But, when I go on that prayer walk before I start the tasks – regardless of the time, regardless of the list of things to do – it orders my day and things fall into place – it never fails.
Likewise with my 403B retirement savings. It comes out of my paycheck before I even see it – so I don’t miss it.
It should be the same with our pledges. Cynthia Campbell, who leads workshops on stewardship, says that it is “critically important” for her to commit to write her first check of every week to her church – it is an act of faith that orders all her other actions. Try this spiritual discipline – it works.
Stewardship season is a time for honest reflection and commitment.
Stewardship season is a time for the church to re-commit itself to its mission and to make sure that our budget expresses our deepest values.
According to our Book of Order, “The Great Ends of the Church” are:
- the “proclamation of the gospel for the salvation of humankind;”
- the “shelter, nurture, and spiritual fellowship of the children of God;”
- the “maintenance of divine worship; and the preservation of truth;”
- the “promotion of social righteousness” and
- the “exhibition of the Kingdom of Heaven to the world.”
And the question we have to ask ourselves is this: How are we doing?
How is our building being used for these great ends? Sometimes we think that taking care of the building is somehow anti-mission. But that is not right.
This building is the launching pad for our kingdom living, we give food to 100 people a week and serve a meal once a month. We have hosted homeless families in our rooms and our space is home to so many support groups. This is mission, but it costs – custodial hours, and clean up, heat, light, water. This sanctuary is the house of worship a place of welcome for all God’s people – have you looked at the carpet lately? How we take care of our building is central to our mission.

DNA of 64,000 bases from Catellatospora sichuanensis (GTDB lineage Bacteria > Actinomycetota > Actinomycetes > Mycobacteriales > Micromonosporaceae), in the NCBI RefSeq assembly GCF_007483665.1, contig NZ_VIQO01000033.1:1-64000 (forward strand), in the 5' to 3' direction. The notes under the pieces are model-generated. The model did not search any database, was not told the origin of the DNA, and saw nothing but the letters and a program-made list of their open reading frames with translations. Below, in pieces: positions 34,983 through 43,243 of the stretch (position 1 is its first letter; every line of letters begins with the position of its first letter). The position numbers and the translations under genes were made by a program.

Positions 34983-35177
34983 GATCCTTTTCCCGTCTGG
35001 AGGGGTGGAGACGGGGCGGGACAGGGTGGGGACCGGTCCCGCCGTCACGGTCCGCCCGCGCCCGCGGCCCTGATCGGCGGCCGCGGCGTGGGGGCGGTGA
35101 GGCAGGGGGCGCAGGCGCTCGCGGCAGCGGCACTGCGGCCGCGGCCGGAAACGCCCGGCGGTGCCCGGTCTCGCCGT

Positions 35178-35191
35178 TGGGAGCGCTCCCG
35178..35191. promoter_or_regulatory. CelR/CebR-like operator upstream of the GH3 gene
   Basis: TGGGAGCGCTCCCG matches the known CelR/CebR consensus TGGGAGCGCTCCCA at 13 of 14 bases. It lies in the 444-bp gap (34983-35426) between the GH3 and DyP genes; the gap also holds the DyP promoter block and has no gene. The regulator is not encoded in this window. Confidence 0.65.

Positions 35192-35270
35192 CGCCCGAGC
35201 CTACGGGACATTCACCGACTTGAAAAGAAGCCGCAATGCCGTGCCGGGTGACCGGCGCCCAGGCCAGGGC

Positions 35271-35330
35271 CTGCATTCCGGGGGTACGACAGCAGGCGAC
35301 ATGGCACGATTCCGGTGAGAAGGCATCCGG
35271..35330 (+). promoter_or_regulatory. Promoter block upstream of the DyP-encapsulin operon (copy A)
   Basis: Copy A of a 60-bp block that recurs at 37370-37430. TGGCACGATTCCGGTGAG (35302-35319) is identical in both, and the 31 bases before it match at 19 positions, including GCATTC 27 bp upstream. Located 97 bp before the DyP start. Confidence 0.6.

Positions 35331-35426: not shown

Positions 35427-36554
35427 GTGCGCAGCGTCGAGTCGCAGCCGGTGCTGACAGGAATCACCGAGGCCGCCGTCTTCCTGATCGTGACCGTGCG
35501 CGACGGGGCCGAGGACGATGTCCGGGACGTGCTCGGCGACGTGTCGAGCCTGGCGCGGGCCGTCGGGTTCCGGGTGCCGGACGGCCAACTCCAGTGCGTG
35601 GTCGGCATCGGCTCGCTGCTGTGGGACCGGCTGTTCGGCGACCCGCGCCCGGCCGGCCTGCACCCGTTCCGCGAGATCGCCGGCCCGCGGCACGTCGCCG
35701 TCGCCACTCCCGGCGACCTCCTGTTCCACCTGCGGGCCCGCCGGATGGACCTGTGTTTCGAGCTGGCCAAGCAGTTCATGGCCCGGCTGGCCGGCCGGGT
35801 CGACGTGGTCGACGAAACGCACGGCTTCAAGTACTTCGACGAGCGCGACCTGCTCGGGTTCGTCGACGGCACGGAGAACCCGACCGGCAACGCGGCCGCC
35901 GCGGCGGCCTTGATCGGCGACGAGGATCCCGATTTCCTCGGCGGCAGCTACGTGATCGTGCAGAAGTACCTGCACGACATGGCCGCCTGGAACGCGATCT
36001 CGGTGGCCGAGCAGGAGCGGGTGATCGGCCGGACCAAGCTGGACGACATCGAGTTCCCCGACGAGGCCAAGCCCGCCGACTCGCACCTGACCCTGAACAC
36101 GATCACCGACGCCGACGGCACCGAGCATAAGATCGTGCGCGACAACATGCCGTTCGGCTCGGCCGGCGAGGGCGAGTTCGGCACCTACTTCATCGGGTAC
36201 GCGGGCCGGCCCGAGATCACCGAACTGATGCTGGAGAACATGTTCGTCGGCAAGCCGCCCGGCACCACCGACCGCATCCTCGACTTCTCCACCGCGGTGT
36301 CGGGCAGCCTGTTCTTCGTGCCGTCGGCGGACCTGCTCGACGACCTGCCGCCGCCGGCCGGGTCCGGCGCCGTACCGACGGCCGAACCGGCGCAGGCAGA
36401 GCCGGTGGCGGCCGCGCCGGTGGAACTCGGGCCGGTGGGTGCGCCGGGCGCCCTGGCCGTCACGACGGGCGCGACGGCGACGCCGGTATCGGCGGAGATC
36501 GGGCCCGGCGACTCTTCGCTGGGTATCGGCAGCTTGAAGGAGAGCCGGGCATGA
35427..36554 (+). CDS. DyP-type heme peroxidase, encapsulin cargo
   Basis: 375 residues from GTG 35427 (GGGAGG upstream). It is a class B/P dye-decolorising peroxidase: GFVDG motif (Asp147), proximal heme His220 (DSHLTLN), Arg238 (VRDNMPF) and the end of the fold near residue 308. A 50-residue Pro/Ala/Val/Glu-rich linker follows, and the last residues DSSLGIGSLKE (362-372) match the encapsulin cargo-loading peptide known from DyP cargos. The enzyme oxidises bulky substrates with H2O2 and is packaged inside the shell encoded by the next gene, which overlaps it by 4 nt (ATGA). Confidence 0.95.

Making sure that Anne and Clover, Keon and Dacia, Peg and I are paid for what we do – that our support staff and custodial staff have living wages and that Clover get full-time pay for full-time work – no longer a ¾ salary. (I am glad she isn’t hear today so I can talk like this.) No more glass ceiling for women – equal pay for equal work – that is as much a justice issue inside these walls as outside these walls; it is an expression of the kingdom.
Giving money away is crucial – but the church is more than a religious United Way giving money to other institutions.
We invest in programs that alleviate hunger and poverty, break down walls of racism, bring fresh water to Haiti, send our children on mission trips – this is our mission.
You see it is all connected. We shouldn’t separate and silo.
Stewardship Season is a time of reclaiming the mission.
Stewardship season is not a fund drive – not like NPR’s annual campaign. As Pastor Doug Pagitt writes:
“One of the reasons churches in North America have trouble guiding people about money is that the church’s economy is built on consumerism. If churches see themselves as suppliers of religious goods and services and their congregants as consumers, then offerings are ‘payment’.”
Stewardship is not about supply and demand, or goods and services. Making a pledge to the church is a spiritual discipline, an expression of a cheerful, glad faith.
Your pledge expresses trust in God who provides us with everything necessary; a trust in yourself that you can do it and a trust in the church that we will be faithful and transparent with the use of your pledge.
And above all we get a promise – a God promise: we will be enriched, our love will overflow – the Gospel will go forth from Monticello and Lee.
Some people say, “Give till it hurts.” But God recommends that we “give until it feels good!” Remember God loves a cheerful giver!
So maybe the party hasn’t ended… it’s just beginning!
Thanks be to God!